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Language Detection Library for Java


Language Support

71 Built-in Language Profiles

  1. af Afrikaans
  2. an Aragonese
  3. ar Arabic
  4. ast Asturian
  5. be Belarusian
  6. br Breton
  7. ca Catalan
  8. bg Bulgarian
  9. bn Bengali
  10. cs Czech
  11. cy Welsh
  12. da Danish
  13. de German
  14. el Greek
  15. en English
  16. es Spanish
  17. et Estonian
  18. eu Basque
  19. fa Persian
  20. fi Finnish
  21. fr French
  22. ga Irish
  23. gl Galician
  24. gu Gujarati
  25. he Hebrew
  26. hi Hindi
  27. hr Croatian
  28. ht Haitian
  29. hu Hungarian
  30. id Indonesian
  31. is Icelandic
  32. it Italian
  33. ja Japanese
  34. km Khmer
  35. kn Kannada
  36. ko Korean
  37. lt Lithuanian
  38. lv Latvian
  39. mk Macedonian
  40. ml Malayalam
  41. mr Marathi
  42. ms Malay
  43. mt Maltese
  44. ne Nepali
  45. nl Dutch
  46. no Norwegian
  47. oc Occitan
  48. pa Punjabi
  49. pl Polish
  50. pt Portuguese
  51. ro Romanian
  52. ru Russian
  53. sk Slovak
  54. sl Slovene
  55. so Somali
  56. sq Albanian
  57. sr Serbian
  58. sv Swedish
  59. sw Swahili
  60. ta Tamil
  61. te Telugu
  62. th Thai
  63. tl Tagalog
  64. tr Turkish
  65. uk Ukrainian
  66. ur Urdu
  67. vi Vietnamese
  68. wa Walloon
  69. yi Yiddish
  70. zh-cn Simplified Chinese
  71. zh-tw Traditional Chinese

User danielnaber has made available a profile for Esperanto on his website, see open tasks.

There are two kinds of profiles. The standard ones created from Wikipedia articles and similar. And the "short text" profiles created from Twitter tweets. Fewer language profiles exist for the short text, more would be available, see #57

Other Languages

You can create a language profile for your own language easily. See

How it Works

The software uses language profiles which were created based on common text for each language. N-grams were then extracted from that text, and that's what is stored in the profiles.

When trying to figure out in what language a certain text is written, the program goes through the same process: It creates the same kind of n-grams of the input text. Then it compares the relative frequency of them, and finds the language that matches best.


This software does not work as well when the input text to analyze is short, or unclean. For example tweets.

When a text is written in multiple languages, the default algorithm of this software is not appropriate. You can try to split the text (by sentence or paragraph) and detect the individual parts. Running the language guesser on the whole text will just tell you the language that is most dominant, in the best case.

This software cannot handle it well when the input text is in none of the expected (and supported) languages. For example if you only load the language profiles from English and German, but the text is written in French, the program may pick the more likely one, or say it doesn't know. (An improvement would be to clearly detect that it's unlikely one of the supported languages.)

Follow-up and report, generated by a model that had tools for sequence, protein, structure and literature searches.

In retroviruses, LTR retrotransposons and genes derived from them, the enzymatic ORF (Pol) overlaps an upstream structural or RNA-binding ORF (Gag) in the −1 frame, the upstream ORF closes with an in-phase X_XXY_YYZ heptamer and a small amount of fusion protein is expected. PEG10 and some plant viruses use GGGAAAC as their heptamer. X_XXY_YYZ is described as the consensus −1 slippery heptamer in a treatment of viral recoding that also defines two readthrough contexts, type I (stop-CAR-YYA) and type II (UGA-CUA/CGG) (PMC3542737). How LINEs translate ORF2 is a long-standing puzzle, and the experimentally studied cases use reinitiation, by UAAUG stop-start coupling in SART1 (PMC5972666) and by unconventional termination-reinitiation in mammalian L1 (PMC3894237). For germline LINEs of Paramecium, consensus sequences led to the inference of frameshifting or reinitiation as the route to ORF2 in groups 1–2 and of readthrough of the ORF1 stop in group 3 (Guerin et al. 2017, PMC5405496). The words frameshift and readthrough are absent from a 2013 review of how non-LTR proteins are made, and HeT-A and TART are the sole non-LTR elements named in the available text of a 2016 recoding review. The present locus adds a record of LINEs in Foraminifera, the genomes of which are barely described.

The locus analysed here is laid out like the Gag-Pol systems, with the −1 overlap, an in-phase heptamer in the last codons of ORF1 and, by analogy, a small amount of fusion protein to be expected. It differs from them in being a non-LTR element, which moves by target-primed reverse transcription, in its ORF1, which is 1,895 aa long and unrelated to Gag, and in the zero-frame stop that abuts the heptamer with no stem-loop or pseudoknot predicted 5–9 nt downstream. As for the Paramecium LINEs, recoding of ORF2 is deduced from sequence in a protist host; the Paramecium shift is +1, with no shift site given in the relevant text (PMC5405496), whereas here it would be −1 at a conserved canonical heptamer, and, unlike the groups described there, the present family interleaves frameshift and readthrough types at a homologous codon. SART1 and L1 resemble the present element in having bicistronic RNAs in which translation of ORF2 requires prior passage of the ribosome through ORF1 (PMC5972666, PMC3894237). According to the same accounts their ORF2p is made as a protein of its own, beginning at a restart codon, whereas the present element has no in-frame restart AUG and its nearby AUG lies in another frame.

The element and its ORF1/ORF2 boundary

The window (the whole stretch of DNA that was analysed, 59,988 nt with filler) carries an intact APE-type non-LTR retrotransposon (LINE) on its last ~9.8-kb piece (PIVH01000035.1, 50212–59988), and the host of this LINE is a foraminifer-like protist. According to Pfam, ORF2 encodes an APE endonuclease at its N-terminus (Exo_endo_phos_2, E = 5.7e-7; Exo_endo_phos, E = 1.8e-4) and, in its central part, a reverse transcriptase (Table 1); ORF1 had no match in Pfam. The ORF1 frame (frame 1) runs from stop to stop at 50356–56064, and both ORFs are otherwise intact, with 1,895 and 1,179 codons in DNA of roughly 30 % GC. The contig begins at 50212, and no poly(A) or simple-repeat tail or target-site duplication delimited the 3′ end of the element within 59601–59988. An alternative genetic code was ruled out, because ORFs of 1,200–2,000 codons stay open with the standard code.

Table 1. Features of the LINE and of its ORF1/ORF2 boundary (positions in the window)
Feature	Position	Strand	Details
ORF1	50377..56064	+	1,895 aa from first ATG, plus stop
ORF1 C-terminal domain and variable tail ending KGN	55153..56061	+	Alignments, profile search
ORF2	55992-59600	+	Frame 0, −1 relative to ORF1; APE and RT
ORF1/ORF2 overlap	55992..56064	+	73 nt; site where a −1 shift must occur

If you are looking for a language detector / language guesser library in Java, this seems to be the best open source library you can get at this time. If it doesn't need to be Java, you may want to take a look at

How to Use

Language Detection for your Text

//load all languages:
List<LanguageProfile> languageProfiles = new LanguageProfileReader().readAllBuiltIn();

//build language detector:
LanguageDetector languageDetector = LanguageDetectorBuilder.create(NgramExtractors.standard())

//create a text object factory
TextObjectFactory textObjectFactory = CommonTextObjectFactories.forDetectingOnLargeText();

TextObject textObject = textObjectFactory.forText("my text");
Optional<LdLocale> lang = languageDetector.detect(textObject);

Creating Language Profiles for your Training Text


How You Can Help

If your language is not supported yet, then you can provide clean "training text", that is, common text written in your language. The text should be fairly long (a couple of pages at the very least). If you can provide that, please open a ticket.

If your language is supported already, but not identified clearly all the time, you can still provide such training text. We might then be able to improve detection for your language.

If you're a programmer, dig in the source and see what you can improve. Check the open tasks.

Memory Consumption

Loading all 71 language profiles uses 74MB ram to store the data in memory. For memory considerations see

History and Changes

This project is a fork of a fork, the original author is Nakatani Shuyo. For detail see

Where it's used

An adapted version of this is used by the server. is a proof-reading software for LibreOffice/OpenOffice, for the Desktop and for Firefox.


Apache 2 (business friendly)


Nakatani Shuyo, Fabian Kessler, Francois ROLAND, Robert Theis

For detail see

For Maven Users

The project is in Maven central this is the latest version: